Works well. I could do some even thinner ones for the other muffs, but with a big model railway exhibition coming up I'll see if I can get anything there first.

Now to blacken the chassis sides (again).

I think only the lower part will be visible to any extent. I just slapped some more blackening liquid on the existing surface, taking care to avoid the spur axles. I think it's produced an interesting effect - messy black in a slightly uneven way.

Sunday, March 11, 2007

Thinking about painting

I’m now reaching the point when I need to start putting the various parts together. But some parts would be better painted first, which is giving me a headache at the moment.

Of all my modelling skills, such as they are, painting is probably the weakest. I don’t want to spoil my lovely model with poor paintwork, but looking at the “wasp stripes” on the loco ends is quite dispiriting - I know I couldn’t do that justice with my current level of skill.

Photo: Paul Appleby in Rail Photo Archive

There are also large flat areas on the sides and having just practiced with my best paintbrush, some enamel paint and an old piece of brass, I’m not sure I can even do a flat surface free of brush marks.

I’m considering three options:

1) Finish as much of the work as possible while I wait for inspiration (current plan)

2) Pay someone to do a proper job (sounds good, but might be complicated)

3) Complete it unpainted, with key parts removable for painting at a later date

I’m completely undecided over this at present, but there is some good news. Almost everything below the footplate is shades of dirty black, and my chassis, even after ten weeks of manhandling still has some of the original blackened areas. Once the wheels are on I wouldn’t expect this area to get that sort of treatment so I’m going to blacken the chassis again then put the wheels and coupling rods on. This way I can put off any decision for another few weeks.

Meanwhile I need to practice my brushwork, experiment with masking tape, and develop an idea for a stripe-painting jig.

Tuesday, March 06, 2007

The footplate overlay

The footplate overlay etch has to be secured onto the underframe. It must remain flat for a quality result, I’m told. A bad start when I cut it from the etch and it springs into a banana-shape.

There are holes for screws at each end to secure it to the chassis. My kit included 10BA screws but I’d ordered some 12BA as these were recommended by others building this kit.

Think my best chance of a secure join is a generous portion of Araldite with the screws locating it in place. Once set I check that the sections are still electrically isolated, then have to file away the excess glue squirting out the sides.

I’d filed the PCB footplate side smooth earlier, but now I look again there are a couple of places still looking a bit uneven. I fill these with a smear of superglue and file away when set.

The photo shows that the edge is still not as smooth as I’d like. This will be very obvious on the finished model, so I give it a few strokes of fine wet and dry paper. This photo also shows a gap where the PCB footplate is shorter than the etch. I need to make up the front steps to check the correct length.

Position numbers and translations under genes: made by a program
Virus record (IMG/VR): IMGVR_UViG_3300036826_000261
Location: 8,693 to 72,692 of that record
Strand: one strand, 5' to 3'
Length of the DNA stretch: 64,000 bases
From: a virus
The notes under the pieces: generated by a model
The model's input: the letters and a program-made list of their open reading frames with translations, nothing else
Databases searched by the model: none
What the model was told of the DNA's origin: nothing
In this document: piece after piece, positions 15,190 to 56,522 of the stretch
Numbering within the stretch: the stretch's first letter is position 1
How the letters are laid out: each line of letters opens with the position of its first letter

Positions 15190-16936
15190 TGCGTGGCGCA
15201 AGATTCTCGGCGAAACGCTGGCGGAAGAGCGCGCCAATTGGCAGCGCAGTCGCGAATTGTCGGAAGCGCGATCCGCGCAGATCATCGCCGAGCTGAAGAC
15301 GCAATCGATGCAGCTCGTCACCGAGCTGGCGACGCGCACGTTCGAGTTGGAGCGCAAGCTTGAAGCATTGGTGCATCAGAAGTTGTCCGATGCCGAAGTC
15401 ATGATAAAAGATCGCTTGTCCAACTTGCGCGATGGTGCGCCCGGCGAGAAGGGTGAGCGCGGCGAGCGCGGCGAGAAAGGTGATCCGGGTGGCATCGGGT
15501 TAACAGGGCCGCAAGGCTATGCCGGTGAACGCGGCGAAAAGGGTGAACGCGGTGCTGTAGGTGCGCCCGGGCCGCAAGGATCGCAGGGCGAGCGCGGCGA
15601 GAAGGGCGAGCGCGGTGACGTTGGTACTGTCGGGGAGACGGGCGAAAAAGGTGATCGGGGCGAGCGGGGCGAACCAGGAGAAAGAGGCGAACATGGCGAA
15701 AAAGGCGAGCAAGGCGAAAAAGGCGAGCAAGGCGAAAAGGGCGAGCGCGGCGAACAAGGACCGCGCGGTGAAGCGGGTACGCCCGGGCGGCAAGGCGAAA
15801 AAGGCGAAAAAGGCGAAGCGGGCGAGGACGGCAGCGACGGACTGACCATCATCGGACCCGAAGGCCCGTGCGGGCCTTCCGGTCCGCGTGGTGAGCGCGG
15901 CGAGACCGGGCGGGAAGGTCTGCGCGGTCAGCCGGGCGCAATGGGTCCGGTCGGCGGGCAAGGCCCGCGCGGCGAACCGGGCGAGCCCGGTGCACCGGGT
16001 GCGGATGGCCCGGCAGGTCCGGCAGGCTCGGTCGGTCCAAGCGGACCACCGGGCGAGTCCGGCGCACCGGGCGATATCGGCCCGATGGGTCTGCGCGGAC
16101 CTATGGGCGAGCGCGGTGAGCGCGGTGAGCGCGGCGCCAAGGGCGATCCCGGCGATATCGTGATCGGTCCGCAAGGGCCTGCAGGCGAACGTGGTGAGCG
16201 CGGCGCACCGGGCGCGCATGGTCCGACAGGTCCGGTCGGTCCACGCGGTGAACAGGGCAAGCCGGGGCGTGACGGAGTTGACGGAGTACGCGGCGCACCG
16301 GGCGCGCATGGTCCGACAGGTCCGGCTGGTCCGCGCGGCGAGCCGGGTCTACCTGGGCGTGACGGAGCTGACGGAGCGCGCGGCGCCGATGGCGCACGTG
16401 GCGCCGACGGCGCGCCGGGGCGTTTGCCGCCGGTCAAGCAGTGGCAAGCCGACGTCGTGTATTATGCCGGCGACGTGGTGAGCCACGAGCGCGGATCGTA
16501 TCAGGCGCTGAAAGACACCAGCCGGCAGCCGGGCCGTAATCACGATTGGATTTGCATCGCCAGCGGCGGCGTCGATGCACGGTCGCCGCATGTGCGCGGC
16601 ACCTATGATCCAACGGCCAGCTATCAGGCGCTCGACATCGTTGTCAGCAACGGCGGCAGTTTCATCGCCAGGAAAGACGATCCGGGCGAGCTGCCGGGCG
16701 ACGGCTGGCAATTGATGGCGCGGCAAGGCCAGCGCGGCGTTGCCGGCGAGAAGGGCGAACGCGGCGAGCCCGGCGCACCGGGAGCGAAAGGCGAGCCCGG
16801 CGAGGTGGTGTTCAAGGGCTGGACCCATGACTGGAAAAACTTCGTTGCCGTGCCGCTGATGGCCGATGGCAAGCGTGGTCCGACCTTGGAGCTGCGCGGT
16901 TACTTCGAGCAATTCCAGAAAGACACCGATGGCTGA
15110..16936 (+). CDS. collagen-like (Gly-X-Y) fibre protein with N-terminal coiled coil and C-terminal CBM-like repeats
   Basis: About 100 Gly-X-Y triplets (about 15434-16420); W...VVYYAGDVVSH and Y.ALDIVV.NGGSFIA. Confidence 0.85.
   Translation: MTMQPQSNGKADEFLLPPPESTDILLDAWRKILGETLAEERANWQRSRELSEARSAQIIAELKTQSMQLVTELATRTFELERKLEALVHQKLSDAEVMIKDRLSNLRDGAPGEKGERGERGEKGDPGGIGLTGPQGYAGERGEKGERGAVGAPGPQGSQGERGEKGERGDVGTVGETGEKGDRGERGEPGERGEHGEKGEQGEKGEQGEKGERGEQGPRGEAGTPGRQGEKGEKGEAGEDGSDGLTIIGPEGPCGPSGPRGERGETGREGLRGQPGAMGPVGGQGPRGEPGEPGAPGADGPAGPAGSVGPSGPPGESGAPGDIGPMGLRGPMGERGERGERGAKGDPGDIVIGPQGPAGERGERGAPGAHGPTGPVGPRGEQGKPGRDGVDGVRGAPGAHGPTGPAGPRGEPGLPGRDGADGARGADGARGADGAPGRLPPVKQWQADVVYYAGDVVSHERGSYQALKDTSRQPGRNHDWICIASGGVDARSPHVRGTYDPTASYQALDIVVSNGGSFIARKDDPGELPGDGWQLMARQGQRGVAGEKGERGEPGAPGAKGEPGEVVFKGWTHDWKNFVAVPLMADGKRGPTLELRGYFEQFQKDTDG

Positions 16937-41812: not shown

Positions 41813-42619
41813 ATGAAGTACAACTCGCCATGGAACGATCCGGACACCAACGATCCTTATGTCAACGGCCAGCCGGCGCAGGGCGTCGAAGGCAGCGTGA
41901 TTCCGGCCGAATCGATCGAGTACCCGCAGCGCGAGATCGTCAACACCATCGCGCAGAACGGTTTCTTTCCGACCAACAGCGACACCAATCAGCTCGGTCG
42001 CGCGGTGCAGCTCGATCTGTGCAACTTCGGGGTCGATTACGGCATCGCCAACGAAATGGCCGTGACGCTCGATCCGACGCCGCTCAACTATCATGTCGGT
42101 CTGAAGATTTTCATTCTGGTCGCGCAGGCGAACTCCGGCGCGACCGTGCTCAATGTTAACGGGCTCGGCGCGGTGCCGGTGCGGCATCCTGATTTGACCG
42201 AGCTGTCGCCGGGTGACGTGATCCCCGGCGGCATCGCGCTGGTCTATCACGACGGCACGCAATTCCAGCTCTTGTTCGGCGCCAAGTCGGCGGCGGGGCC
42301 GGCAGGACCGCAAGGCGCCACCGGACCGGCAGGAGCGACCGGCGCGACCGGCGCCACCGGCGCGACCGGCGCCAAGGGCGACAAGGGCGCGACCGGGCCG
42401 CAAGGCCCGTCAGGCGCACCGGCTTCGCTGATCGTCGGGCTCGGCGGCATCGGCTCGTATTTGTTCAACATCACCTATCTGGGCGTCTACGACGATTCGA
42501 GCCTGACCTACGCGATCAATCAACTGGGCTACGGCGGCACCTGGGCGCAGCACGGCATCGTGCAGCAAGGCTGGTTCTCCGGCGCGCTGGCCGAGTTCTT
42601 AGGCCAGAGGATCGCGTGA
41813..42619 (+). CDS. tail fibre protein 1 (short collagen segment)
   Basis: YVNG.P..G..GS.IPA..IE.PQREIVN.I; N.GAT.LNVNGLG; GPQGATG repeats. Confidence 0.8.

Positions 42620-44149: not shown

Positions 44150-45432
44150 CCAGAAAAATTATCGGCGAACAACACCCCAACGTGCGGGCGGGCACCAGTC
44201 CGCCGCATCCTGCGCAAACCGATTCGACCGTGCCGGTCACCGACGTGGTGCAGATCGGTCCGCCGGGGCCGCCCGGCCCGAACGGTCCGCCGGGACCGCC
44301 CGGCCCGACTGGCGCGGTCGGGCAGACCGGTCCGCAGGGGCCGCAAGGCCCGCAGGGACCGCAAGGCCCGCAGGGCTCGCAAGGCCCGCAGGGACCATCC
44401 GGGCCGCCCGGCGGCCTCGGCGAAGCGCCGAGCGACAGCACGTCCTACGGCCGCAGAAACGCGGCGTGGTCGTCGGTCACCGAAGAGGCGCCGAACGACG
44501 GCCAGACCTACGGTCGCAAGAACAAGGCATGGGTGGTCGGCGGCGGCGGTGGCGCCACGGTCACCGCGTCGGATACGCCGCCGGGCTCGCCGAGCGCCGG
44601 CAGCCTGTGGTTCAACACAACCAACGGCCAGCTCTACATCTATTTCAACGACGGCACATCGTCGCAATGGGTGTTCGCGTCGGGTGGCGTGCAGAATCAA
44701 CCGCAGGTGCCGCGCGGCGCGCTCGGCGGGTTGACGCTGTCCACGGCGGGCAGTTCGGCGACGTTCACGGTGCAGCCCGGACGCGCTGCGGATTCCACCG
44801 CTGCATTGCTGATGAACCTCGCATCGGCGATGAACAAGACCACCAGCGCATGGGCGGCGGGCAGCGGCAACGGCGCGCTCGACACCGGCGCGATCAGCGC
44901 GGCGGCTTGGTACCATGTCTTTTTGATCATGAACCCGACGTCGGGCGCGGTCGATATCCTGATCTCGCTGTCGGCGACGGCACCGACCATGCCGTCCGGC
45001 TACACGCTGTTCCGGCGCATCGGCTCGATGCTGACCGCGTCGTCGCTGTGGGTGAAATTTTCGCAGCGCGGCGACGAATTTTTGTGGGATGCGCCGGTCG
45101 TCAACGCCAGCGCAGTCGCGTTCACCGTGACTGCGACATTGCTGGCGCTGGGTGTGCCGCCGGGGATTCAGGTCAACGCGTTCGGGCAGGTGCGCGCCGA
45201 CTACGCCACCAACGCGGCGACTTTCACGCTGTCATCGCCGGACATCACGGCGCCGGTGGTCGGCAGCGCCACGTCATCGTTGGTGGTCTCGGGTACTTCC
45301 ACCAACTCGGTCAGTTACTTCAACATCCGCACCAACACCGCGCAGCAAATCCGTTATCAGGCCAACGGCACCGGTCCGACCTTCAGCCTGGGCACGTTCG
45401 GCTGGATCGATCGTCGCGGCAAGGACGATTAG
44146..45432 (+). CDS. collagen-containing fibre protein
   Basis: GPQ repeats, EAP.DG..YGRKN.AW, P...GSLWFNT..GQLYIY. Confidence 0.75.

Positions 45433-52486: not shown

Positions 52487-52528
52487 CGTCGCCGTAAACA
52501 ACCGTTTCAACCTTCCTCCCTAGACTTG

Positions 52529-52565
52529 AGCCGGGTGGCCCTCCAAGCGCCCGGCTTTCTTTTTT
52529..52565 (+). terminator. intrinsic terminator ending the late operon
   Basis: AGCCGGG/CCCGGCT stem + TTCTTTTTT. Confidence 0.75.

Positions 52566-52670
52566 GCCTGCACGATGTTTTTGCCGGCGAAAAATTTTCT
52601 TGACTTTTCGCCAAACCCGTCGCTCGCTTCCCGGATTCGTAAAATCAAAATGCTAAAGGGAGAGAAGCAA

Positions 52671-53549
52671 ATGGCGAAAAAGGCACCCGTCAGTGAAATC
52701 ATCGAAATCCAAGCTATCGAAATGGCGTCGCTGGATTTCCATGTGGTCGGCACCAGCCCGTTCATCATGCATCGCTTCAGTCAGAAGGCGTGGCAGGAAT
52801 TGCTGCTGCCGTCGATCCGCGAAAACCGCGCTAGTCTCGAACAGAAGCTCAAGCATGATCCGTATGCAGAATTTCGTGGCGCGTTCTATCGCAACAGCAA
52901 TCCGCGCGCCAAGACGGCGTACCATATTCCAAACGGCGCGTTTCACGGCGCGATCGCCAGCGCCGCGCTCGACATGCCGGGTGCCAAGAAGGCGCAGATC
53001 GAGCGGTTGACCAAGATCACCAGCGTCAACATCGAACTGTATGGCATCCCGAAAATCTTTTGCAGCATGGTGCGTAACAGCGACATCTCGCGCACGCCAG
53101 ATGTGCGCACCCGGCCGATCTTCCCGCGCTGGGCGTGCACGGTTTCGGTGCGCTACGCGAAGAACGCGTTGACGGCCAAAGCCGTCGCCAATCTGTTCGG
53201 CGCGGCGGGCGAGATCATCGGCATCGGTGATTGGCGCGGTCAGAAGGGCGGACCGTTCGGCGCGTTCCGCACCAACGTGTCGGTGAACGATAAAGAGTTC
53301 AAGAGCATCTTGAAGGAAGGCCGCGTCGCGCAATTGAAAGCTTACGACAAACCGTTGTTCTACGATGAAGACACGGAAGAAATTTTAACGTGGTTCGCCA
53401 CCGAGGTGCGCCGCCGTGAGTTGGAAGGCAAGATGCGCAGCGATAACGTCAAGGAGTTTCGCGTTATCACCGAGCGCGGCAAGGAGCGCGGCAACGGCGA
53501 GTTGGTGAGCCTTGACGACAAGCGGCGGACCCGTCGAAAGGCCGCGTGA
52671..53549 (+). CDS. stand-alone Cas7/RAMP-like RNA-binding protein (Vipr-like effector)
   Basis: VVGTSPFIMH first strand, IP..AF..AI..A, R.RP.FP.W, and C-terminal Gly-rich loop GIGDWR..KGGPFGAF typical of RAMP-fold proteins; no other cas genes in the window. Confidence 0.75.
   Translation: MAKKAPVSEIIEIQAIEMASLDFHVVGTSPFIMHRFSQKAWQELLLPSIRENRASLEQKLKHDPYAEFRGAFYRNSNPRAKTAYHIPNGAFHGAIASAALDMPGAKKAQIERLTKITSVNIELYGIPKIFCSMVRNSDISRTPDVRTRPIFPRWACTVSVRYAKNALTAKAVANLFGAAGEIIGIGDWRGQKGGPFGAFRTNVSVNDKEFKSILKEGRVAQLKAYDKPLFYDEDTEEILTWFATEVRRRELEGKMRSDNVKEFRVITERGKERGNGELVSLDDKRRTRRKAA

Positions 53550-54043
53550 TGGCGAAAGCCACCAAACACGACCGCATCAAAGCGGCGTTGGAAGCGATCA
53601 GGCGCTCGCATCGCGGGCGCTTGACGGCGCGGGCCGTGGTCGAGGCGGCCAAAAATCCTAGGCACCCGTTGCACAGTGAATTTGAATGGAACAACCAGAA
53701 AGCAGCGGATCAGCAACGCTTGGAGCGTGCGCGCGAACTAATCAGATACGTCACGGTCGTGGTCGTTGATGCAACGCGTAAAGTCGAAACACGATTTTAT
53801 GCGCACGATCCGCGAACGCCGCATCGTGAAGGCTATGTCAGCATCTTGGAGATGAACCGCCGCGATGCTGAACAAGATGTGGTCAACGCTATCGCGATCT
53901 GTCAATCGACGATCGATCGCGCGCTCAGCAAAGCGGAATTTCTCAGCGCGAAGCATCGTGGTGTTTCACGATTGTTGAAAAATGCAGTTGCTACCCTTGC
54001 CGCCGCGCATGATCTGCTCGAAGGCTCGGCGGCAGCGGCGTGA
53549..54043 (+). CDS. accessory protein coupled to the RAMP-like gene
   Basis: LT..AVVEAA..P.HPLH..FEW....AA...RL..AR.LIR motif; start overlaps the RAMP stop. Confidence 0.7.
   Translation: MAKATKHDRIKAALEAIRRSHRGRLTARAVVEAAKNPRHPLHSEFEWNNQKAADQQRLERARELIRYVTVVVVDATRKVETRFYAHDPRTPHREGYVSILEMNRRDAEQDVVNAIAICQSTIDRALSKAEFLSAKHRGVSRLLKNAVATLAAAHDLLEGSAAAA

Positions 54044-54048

Laying the steps in place, turns out the clearances are very tight here. I have to file the footplate back to make room for the steps.

The steps shouldn't protrude forwards beyond the front bufferbeam. I've filed the footplate right back so the steps will be in contact with the front sandboxes (to fit in those recesses on the side frames).

Finally the nuts have to be soldered over the holes in the overlay. Wanted to be sure I got this exactly right so I tried to solder around the outside of the nut with the screw already through it. Hopeless - as I half-expected, I soldered the screw onto the nut. Found it much easier with quick-setting glue. I hadn't really used this stuff in the past, but I'm definitely getting to like it.

Thursday, March 01, 2007

Getting the motor working 2

Some good progress in this area since last month's post.

I took off the wormwheel and cleaned thoroughly between the teeth with a glass-fibre brush, particularly what appeared to be the problem area. Still not smooth running, but an improvement.

More running-in and more lubrication continued to help.

Then I did what I should have done earlier - soldered the electrical leads to the motor terminals. With the wires supported to relieve pressure on the motor this is a very noticeable improvement. Perhaps the slight movements of the motor were causing momentary power loss from my loops of wire around the terminals.

Following up a comment on the previous post, I wired up my cheap multimeter to test the current. After some teething trouble (I'd never used it as an ammeter before), I found that the needle flickers at the "stiff" points. But this depends on the position of the motor - when it's unscrewed a quarter-turn, the flicker is more like a gentle sway. I'll have to devise a way of ensuring that the motor stays in this position once the body is fitted.

At the slowest speed without stalling, the driving wheel axles now make one revolution in over a minute in either direction.

Meanwhile I've bought a new controller - a Kent Panel Controls KFS/FC. It's fitted with a switch to turn feedback on or to a minimum. With feedback on minimum, at the lowest voltage the driving axles make one revolution in about 90 seconds, at a fairly constant 1.5mA. And at increasing speeds, the current rises to around 3-4mA.

Of course I still have to add wheels and coupling rods, but for now this seems as good as I can hope for.